Utilities need to make great customer experience a priority, say experts

Posted 17 May 2017
Customer experience
Water utilities must invest in customer care and a personalised approach if they wish to remain competitive in the long term, delegates at the Ozwater’17 conference in Sydney heard yesterday. 

An example of a utility taking this personal care approach to heart came from Yarra Valley Water, which found that a large portion of their customer base struggles to pay their water bills. 

“Three million Australians live below the poverty line, and 50% of our customers have struggled to pay water bills at some point in the past 12 months,” said Michelle d’Offay of Yarra Valley Water (YVW). 

YVW also found that 10% of their customers have always struggled to pay their bills.

After some research, YVW distilled the reasons that customers didn’t seek support when struggling to pay their water bills, such as a lack of awareness, embarrassment or mistrust, lack of early identification and siloed services. 

They then developed a number of support initiatives that provide struggling customers with alternative methods of paying their water bills.

One was the WaterCare initiative, which involved a varied approach that provided support programs, pathways and services to help customers manage their water and sewerage bills. 

Their target customer base for this included families with the financial pressure of young children and customers who weren’t fluent in English. 

Another initiative, YVW’s SmoothPay system, allowed customers to pay monthly or fortnightly instead of quarterly to avoid accruing large bills that they were unable to afford. 

The program has been successful so far, and resulted in a 120% increase in YVW customers accessing government grants for water, a 50% increase in customers accessing SmoothPay, and an 80% increase in customers accessing utility support services.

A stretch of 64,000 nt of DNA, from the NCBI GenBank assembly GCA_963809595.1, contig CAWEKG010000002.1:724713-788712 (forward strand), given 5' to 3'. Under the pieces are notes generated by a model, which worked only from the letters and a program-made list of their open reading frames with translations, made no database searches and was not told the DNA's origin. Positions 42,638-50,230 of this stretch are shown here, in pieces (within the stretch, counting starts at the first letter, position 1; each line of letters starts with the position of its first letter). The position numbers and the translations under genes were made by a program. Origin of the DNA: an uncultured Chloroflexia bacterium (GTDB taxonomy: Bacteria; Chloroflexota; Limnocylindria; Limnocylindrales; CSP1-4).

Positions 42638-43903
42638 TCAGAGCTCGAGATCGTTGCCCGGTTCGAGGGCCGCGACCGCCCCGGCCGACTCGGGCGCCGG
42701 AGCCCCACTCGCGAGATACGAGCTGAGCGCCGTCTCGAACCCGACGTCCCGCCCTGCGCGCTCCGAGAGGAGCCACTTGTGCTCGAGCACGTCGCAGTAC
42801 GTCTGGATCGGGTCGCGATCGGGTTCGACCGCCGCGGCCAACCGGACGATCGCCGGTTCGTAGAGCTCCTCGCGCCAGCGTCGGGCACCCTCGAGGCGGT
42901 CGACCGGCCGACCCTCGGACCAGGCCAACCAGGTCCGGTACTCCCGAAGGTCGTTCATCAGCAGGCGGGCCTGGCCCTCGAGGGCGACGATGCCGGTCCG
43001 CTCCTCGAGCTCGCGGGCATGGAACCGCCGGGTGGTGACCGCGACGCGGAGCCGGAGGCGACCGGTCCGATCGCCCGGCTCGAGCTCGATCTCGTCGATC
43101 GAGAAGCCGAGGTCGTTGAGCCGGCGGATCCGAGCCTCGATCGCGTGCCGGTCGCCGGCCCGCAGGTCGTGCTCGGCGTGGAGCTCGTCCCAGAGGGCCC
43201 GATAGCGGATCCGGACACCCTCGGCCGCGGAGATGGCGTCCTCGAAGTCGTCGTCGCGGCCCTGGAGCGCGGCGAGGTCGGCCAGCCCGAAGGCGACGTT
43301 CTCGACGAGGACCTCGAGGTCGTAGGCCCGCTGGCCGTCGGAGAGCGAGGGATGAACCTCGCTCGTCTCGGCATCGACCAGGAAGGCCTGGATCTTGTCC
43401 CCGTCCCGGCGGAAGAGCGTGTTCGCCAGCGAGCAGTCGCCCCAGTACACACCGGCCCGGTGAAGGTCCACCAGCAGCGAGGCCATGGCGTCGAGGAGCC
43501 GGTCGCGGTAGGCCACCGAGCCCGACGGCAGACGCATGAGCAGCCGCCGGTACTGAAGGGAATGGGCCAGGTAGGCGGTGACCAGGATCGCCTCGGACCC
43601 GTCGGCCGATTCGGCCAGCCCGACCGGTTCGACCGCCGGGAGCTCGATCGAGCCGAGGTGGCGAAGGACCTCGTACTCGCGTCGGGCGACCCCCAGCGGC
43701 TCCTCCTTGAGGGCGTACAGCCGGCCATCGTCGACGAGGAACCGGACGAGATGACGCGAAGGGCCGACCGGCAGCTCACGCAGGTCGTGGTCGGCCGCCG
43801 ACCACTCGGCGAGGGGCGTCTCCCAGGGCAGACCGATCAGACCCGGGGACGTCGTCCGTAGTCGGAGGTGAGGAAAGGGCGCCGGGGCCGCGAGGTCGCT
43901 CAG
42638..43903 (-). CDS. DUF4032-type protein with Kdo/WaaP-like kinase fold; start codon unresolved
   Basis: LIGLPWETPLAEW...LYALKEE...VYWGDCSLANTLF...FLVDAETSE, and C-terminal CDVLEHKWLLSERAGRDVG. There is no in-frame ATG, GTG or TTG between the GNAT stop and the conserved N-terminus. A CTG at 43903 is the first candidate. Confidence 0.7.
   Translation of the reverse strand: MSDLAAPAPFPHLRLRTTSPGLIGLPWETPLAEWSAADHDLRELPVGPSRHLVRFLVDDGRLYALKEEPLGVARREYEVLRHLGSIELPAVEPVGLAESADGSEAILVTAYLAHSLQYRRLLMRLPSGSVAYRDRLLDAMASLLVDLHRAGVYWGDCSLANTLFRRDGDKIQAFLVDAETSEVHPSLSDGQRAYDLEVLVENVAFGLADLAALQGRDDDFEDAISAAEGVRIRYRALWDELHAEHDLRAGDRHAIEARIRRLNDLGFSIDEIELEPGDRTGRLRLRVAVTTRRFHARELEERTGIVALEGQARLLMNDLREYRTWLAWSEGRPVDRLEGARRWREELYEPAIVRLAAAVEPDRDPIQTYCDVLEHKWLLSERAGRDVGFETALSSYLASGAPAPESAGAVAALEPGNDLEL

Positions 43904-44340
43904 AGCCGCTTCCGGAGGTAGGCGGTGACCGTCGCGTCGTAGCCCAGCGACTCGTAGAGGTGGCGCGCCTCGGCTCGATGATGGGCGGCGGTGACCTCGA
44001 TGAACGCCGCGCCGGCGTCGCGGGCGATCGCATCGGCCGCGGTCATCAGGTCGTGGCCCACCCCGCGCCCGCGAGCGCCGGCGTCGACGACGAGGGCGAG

Most importantly, said d’Offay, an external review found that the program was sustainable, with an ROI of 200%. 

Another utility faced with a customer experience problem was Sydney Water, who discovered they had been neglecting a potentially valuable customer base: developers.

Sydney Water decided to start treating developers as customers, and not just “people who put pipes in the ground,” said Sydney Water’s Andrew Kirkwood. 

“For 18 years, Sydney Water had assumed that process efficiency was the most important thing to developers.” 

He went on to say that they believed developers wouldn’t want the added hassle of dealing directly with the water utility. But after employing a third party to conduct market research, Kirkwood said they discovered that developers wanted that direct relationship. 

With more than 36,000 new dwellings to be built in Sydney each year for the next five years, developers are set to become Sydney Water’s primary form of customer acquisition. 

This was a revelation for the utility, but Kirkwood said that any customer experience program must be supported by corporate commitment to a customer-centric strategy and its implementation. 

“Once insight is available, you have to act on it. Customer service is a better measure of a utility’s perception than water quality,” he said.